Confusion over whether your new conservatory in Cheltenham or Gloucester needs planning permission can cause a right headache. But it doesn’t need to be this way. Let us give a rundown of everything you need to know about conservatory planning permission. If you choose to bypass planning permission, or the company you use does, you could pay a hefty fine. You could also have to demolish the conservatory. If you try to sell your home with an unapproved conservatory, this could make any sale extremely difficult too. Make sure you know the facts first.
Conservatory planning permission UK vs building regulations
Often, a traditional conservatory is considered ‘permitted development’. This means it probably doesn’t require planning permission but will need to follow building regulations. But what’s the difference between the two? Both are granted by your local authority but concern different aspects of a development. Planning permission deals with the effect a new building could have on neighbours, the immediate area and the environment. For example, what the aesthetic value of a modern extension in a medieval village would be. Building regulations assess the safety and energy efficiency to ensure the extension etc. is suitable for use.
Do you need planning permission for a conservatory or is my conservatory considered permitted development?
As long as these rules are followed, your conservatory shouldn’t need planning permission:
- The conservatory can’t cover more than 50% of your garden or grounds
- It can’t have balconies, verandas or raised platforms
- The conservatory can be no higher than the highest part of your home’s roof
- It can’t be higher than 4m and mustn’t extend beyond your rear wall by more than 3m if semi-detached or 4m if detached
- If you live in a conservation area or a listed building, different regulations will apply so contact your local authority
How to ensure your conservatory is exempt from building regulation control
- Your conservatory must be separated from your house by external quality walls, windows or doors. Knocking through would require permission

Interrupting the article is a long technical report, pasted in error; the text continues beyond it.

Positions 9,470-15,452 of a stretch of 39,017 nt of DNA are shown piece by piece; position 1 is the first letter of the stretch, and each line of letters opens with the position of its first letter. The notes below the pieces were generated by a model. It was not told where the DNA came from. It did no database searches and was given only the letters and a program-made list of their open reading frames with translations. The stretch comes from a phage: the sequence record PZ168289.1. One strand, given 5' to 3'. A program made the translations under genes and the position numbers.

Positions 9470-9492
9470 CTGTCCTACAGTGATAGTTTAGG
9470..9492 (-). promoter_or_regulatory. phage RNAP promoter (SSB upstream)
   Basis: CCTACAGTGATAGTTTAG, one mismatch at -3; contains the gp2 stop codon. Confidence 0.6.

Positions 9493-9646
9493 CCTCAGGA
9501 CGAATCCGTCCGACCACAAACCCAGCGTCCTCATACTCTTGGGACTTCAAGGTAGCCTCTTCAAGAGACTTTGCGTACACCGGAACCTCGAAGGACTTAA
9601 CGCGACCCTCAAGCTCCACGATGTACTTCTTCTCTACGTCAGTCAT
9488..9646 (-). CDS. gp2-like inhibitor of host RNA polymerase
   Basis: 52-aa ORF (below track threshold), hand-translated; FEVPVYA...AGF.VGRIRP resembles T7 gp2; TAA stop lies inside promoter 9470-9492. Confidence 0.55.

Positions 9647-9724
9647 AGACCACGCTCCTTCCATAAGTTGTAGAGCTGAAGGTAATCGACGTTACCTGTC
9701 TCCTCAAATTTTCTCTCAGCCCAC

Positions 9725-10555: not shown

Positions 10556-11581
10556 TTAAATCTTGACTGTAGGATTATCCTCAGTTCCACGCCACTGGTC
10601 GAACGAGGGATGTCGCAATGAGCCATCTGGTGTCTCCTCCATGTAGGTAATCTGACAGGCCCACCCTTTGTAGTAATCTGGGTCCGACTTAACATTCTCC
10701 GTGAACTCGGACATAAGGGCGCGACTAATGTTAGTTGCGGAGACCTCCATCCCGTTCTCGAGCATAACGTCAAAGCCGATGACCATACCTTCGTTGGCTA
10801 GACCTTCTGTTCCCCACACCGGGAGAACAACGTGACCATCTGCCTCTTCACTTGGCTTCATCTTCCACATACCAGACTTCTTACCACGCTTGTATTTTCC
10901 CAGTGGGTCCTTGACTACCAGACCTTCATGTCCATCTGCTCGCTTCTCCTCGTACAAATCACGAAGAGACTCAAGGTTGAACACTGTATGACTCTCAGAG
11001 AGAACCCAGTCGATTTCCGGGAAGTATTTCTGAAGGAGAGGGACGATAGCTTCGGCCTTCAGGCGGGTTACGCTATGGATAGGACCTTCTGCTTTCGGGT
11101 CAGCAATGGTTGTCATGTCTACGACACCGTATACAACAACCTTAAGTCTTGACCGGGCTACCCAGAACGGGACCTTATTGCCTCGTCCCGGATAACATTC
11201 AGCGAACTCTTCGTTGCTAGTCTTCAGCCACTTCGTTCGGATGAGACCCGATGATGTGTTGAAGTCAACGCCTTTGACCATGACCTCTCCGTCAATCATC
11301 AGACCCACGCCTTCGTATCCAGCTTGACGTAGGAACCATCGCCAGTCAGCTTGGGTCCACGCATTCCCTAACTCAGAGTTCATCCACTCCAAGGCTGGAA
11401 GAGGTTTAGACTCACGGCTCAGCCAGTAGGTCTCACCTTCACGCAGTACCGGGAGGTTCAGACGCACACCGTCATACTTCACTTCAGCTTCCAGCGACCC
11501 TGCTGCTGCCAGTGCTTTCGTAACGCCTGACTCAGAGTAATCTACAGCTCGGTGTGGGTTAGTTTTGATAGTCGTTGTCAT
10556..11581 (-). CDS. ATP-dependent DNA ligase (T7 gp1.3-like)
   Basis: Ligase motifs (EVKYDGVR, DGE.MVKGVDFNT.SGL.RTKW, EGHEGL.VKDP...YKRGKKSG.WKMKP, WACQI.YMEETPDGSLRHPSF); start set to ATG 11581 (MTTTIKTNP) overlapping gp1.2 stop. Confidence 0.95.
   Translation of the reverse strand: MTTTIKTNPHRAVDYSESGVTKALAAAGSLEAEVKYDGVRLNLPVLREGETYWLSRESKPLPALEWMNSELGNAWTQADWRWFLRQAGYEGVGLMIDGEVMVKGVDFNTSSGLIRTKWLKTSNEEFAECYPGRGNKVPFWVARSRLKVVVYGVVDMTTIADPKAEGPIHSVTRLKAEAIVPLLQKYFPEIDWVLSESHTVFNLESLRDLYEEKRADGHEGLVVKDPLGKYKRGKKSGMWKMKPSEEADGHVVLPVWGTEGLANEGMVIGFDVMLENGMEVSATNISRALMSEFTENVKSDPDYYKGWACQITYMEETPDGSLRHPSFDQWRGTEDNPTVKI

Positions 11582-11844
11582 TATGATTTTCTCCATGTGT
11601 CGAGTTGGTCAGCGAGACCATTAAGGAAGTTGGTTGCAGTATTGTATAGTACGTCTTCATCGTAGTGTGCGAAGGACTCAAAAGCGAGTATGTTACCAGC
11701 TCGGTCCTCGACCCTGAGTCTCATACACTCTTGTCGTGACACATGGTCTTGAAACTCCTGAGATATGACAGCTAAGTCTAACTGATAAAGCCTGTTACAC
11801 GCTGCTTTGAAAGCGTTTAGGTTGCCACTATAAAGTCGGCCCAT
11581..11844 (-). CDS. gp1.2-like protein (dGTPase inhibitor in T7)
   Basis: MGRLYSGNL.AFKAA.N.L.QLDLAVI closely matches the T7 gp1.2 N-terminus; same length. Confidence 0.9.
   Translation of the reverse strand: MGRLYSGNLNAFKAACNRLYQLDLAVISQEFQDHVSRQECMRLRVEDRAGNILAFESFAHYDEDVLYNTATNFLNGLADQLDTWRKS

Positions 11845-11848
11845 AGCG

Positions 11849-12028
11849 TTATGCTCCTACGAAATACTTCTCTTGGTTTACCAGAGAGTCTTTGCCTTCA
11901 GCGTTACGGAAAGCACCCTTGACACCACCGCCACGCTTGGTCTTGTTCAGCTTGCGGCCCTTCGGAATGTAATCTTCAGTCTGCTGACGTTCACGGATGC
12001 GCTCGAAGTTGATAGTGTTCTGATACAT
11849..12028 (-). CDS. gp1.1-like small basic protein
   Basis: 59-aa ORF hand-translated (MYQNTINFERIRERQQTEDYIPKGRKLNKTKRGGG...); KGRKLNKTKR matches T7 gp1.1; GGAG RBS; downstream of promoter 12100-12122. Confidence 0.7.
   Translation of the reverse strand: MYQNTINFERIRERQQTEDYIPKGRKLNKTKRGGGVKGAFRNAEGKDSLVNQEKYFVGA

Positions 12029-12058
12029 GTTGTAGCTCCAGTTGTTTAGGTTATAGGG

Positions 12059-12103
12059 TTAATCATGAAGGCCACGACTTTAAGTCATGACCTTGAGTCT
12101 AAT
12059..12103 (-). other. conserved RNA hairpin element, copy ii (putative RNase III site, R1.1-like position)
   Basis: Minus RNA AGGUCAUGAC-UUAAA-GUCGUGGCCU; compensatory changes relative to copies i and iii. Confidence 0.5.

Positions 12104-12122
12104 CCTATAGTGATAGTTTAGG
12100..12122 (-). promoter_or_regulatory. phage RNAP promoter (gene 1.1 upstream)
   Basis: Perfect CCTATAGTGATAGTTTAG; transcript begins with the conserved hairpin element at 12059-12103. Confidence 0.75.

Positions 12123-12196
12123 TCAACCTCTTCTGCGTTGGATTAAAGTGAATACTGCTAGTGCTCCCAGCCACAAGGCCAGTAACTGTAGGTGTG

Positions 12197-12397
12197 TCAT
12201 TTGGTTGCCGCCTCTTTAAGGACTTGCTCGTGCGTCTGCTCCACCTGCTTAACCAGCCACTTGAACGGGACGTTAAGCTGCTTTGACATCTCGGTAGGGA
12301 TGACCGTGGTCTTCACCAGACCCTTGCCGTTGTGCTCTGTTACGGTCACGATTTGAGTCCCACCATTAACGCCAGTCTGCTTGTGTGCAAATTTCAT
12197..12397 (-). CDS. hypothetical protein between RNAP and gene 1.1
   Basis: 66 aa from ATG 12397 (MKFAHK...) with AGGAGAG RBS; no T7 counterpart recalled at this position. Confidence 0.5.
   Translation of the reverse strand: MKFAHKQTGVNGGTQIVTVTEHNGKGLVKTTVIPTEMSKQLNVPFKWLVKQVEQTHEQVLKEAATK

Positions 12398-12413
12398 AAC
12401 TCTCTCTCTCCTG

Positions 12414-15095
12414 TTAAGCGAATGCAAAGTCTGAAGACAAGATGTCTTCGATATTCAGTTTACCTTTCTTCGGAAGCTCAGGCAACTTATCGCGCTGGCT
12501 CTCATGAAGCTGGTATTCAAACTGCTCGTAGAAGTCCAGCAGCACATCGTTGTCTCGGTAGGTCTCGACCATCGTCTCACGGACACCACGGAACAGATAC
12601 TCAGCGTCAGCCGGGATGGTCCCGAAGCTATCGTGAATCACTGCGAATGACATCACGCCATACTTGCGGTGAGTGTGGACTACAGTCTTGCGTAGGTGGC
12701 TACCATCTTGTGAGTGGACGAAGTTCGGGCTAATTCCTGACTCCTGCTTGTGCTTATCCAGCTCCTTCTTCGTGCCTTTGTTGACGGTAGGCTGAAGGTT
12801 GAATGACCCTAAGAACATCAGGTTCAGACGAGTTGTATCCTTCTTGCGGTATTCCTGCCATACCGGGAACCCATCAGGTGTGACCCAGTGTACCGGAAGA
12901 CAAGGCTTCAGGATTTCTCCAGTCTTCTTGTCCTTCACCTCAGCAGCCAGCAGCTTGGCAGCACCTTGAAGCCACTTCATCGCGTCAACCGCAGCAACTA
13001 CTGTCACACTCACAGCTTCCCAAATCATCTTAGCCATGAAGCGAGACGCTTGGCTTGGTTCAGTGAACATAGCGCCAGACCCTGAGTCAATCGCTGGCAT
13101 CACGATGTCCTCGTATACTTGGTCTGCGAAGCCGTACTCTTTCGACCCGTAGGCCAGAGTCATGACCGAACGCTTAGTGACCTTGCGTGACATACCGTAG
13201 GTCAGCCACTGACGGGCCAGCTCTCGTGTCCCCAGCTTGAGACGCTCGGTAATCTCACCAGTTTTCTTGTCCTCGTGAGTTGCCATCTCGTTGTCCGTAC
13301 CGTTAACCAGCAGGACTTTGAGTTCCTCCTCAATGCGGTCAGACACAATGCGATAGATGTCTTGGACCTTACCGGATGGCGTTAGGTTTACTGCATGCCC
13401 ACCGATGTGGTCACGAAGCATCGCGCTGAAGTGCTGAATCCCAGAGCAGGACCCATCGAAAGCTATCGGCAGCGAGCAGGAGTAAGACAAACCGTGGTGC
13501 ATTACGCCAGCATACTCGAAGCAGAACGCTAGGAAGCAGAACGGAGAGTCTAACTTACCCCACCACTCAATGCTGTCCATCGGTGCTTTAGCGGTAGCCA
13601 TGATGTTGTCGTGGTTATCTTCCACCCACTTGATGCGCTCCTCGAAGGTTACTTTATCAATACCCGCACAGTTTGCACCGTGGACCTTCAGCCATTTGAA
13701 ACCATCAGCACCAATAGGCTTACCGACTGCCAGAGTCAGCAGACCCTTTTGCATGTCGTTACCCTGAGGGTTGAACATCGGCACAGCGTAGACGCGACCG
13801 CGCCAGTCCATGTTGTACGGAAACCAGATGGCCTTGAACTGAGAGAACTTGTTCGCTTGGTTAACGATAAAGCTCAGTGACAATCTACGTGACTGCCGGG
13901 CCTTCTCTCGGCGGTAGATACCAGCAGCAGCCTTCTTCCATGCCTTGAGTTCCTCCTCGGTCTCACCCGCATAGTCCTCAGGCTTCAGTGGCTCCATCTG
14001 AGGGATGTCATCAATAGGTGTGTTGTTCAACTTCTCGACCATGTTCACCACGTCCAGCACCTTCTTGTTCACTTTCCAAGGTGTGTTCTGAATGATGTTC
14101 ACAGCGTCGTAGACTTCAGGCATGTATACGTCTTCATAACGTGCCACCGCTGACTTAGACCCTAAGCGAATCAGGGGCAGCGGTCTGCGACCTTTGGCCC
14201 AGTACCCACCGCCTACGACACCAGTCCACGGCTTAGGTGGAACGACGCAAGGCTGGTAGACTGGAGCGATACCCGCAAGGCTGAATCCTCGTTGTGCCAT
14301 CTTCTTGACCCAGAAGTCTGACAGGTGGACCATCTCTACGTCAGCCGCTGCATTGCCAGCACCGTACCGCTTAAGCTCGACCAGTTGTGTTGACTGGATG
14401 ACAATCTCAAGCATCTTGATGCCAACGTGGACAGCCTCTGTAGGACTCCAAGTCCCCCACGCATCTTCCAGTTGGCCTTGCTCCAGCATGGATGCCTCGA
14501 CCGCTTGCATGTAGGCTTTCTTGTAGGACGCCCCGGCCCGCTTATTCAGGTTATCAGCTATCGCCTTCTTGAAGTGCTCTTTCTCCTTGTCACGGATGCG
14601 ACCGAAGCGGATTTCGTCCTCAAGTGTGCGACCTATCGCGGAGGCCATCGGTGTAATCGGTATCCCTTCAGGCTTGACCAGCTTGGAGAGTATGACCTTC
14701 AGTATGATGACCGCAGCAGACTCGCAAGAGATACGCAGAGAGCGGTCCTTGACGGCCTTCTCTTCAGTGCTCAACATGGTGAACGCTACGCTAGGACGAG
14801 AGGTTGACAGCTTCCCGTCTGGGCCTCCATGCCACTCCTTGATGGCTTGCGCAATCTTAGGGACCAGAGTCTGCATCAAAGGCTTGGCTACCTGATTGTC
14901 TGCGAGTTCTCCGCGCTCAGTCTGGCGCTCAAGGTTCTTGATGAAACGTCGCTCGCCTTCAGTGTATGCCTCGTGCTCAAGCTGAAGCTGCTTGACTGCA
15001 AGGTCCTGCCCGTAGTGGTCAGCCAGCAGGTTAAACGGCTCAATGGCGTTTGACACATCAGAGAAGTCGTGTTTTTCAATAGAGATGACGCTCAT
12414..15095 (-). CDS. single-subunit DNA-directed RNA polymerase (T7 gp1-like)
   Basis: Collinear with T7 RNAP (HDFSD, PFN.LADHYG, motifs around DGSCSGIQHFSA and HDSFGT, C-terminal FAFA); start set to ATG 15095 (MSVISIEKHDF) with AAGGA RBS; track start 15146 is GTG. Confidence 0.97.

- The conservatory must cover less than 30 sq. m of floor space
- To ensure your conservatory isn’t an energy drain it needs an independent heating system
- The glazing and electrical system must comply with current building regulations to ensure it’s safe
Consent for planning permission from Gloucester City Council
For localised pre-application advice to submitting a planning application, you can find further information via Gloucester City Council’s comprehensive planning development and planning applications portal. If you are ever unsure of anything surrounding planning permission or building regulations, we always advise contacting your local authority for further assistance.
Does a conservatory with a solid tiled roof need planning permission?
In the past, building regulations stated that conservatory extensions needed to have a certain amount of translucent roofing to be exempt from planning permissions. However, changes to building regulations in recent years typically mean that normal sized conservatories may not need planning permission to install a solid tiled roof.
Solid roof conservatories rising in popularity across Gloucestershire
Thanks to changes to building regulations and planning permission exemptions, it’s hardly surprising that solid roof conservatories have steadily risen in popularity. Applied to new conservatory builds whilst transforming and refurbishing old conservatories just as easily, they’re proactively allowing Cheltenham and Gloucester homeowners to appreciate their conservatory spaces all year round. Offering incredible heat retaining qualities, solid roof conservatories notably improve exterior aesthetics too as they feel much more like an extension to the home rather than an ‘add-on.’
Do I need planning permission for windows and doors?
Planning permission for repairs, maintenance, minor improvements and new glazed units for windows and doors generally fall within your permitted development rights, therefore you don’t usually need to apply for planning permission to carry out the work. However, different rules may apply if your home is located in a conservation area, has an Article 4 Direction imposed on it and/or is a listed building. Conservation areas are in place to protect the special architectural and historic interest of a place, where special control ‘Article 4 Directions’ restrict renovations that may damage the unique and distinctive character of an area. Each local authority assigns these, so contact your local council to find out whether your improvement plans could be affected by any such restrictions.
With a combined experience of more than 70 years in the local glazing industry, please contact us for further information and advice regarding building regulations and planning permissions – our experienced and knowledgeable team of professionals will be more than happy to help.
Choose a conservatory specialist
As Which? Trusted Traders, you can rely on us to ensure that you have an efficient and stylish space. We’ll take care of any permissions on your behalf, so you have nothing to worry about. Our team are all professionals and can offer expert advice on anything from thermal performance to colour options. Our conservatory range is perfect for any style home and any use. From a new dining room to a children’s playroom, our conservatories will fill your home with light and space. Get in touch today if you’d like any more information.